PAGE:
27°12’29.1″N 80°15’44.1″W June 16, 2022
This week has finally seen progress in resolving the engine issue! But first a bit of catching up:
At the beginning of May when it became apparent Wave Marine wasn’t going to fix the problem they created, at least not voluntarily, I made the decision to move forward with a new install. I’ve been working with Shearwater Marine in Stuart, as well as with Mastry Engine Center, the Yanmar distributor for southern Florida, trying to figure out how to salvage the first engine.
When I decided to purchase another engine, Mastry told me that if I were to buy one that day, it would not arrive until October. Supply chain issues for parts and components have orders backed up at least half a year.
As I recall it was May 2nd that I spoke with Daryl Dykens at Mastry about availability and the backup of available engines. (He and his brother, Doug, both at Mastry, have been no end of help to me. Both have been kind, patient, and above all, helpful to this newbie – thanks, guys!). So May 2nd it was “about October” before I’d see anything.
Two days later I received a call with advice to “buy a lottery ticket” because today was my lucky day. The very engine I needed, a Yanmar 4JH80 bobtail, was sitting in Mastry’s warehouse for an order that had just been canceled. It was mine if I wanted it! I quickly wired over the cost and got the ball rolling.
We need a plan!
Shearwater was going to do the install but I needed to get Strider to a boat yard for them to work from. They could not do the swap at a mooring ball or even at the docks in Sunset Bay. They recommended Apex Marine which is just across the St. Lucie river. By this time the engine was sitting in Stuart at Shearwater and it was the week before Memorial Day so activity came to a halt as people were in and out with the holiday and plans for that week.
The first week of June I spoke with Dutch at Apex, and Adolf at Shearwater and we decided to do the job the week of June 13th. Not by coincidence, this was the time of the full moon tides. Because Strider is such a deep draft boat (6′ 10″ or 208 cm), finding a boat yard was difficult. Apex wasn’t sure at all that I could get in close enough for their fork truck. Perhaps we would need a crane instead. Those few extra inches the full moon would give just might make the difference between needing a crane or not, a potentially significant saving.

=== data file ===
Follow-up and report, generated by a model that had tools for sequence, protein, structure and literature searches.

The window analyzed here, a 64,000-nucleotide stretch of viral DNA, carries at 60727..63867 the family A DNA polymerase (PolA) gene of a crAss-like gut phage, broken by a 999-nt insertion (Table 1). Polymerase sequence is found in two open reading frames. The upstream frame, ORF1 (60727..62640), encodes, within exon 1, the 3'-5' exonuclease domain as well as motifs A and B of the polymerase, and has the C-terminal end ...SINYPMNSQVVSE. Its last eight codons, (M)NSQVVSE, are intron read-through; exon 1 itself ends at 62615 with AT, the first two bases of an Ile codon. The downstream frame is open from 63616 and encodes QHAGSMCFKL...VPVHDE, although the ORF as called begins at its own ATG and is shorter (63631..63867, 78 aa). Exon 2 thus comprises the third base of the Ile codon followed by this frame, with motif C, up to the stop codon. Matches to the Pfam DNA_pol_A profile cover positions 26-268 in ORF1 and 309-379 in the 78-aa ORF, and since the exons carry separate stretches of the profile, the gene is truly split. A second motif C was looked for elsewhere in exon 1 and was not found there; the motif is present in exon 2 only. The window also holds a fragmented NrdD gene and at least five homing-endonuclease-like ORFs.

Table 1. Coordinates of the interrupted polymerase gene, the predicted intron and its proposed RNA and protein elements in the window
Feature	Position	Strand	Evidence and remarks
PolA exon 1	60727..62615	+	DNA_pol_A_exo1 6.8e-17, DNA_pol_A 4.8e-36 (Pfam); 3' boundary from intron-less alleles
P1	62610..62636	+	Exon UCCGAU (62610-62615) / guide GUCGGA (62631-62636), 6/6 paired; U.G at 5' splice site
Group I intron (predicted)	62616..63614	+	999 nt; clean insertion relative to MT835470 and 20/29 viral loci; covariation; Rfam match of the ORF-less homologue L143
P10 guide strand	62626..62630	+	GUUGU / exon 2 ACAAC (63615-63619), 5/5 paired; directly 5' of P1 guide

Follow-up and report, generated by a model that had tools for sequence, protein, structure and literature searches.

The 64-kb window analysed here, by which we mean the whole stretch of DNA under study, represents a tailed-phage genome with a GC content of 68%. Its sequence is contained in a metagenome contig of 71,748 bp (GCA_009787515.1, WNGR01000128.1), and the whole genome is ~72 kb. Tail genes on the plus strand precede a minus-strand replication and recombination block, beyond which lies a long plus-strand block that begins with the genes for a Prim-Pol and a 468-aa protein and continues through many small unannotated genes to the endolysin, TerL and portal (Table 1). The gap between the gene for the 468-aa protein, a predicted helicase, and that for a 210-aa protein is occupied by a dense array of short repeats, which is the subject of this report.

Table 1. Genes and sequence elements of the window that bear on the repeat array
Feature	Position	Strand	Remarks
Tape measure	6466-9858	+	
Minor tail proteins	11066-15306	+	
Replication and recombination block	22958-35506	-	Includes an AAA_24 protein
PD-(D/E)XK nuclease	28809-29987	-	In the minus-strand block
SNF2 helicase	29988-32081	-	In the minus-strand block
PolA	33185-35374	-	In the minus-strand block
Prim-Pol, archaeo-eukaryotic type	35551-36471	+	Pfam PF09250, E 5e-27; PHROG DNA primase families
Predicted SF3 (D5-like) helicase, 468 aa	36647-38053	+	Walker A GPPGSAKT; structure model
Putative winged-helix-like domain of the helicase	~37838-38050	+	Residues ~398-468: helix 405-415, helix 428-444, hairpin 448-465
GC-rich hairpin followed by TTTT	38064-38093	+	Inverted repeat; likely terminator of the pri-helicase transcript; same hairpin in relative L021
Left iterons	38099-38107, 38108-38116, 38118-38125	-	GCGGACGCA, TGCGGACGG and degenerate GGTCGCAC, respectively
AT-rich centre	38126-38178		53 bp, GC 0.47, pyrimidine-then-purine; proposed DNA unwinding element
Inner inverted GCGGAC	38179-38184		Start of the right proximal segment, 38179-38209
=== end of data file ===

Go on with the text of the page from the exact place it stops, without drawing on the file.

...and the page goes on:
Friday the 10th I went to Apex and measured their depth at low tide… 5’3″ along the edge of the dock. Well, it was what it was. We’d either get in, or we wouldn’t.
Monday I called Sea Tow for a Tuesday morning high tide tow to Apex. My dad came along to help handle ropes, and at about 10:30 we were off.
The trip was uneventful and brief, just across the river. We did go aground a bit on a shallow spot near the docks, but we actually got in OK and tied off at APEX. They kept me out away from the sea wall as much as possible to try to get as much depth as possible, and even so, at low tide the keel would settle in the mud a bit, but no major heeling over.
We hoped that we could get the engine out the companionway, but that ended up being impossible. Wednesday morning, the carpenters who work with APEX then cut a hole in the roof and a tech from Shearwater got the bad engine all unhooked and ready to lift. At high tide, all the workers came over to help and we spun Strider around to be nose first and brought her right up to the sea wall. An operator and a marine fork truck with a 20′ boom reached out, and even with Strider right against the wall and turned at an angle, was just barely able to reach the hole in the roof. But, it was enough! He hoisted the old engine out and we moved Strider back away from the wall.
Thursday afternoon at high tide we performed the operation again in reverse. Once again up to the sea wall, the tow truck operator dropped the new engine into the hole and onto the engine mounts and we moved Strider back out to deeper water. The Shearwater tech spent the rest of the day hooking up the engine.
They will need to build some custom exhaust pieces, however. They are quite sure that a bad exhaust design and lack of siphon break caused the first engine to flood. The way Wave Marine had installed the exhaust coupled with the fact they didn’t install a siphon break made it essentially a nice pump. A pump to pump water right back into the engine.
Friday, the carpenter told me he repaired the hole in the roof and Strider is ready to go back to the marina. I can’t actually run her yet due to the exhaust changes that Shearwater is making. Oh, and yet another gift from Wave Marine, I have no steerage at the moment. It seems their auto-pilot work didn’t include leak-free fittings… They’re the gift that keeps on giving.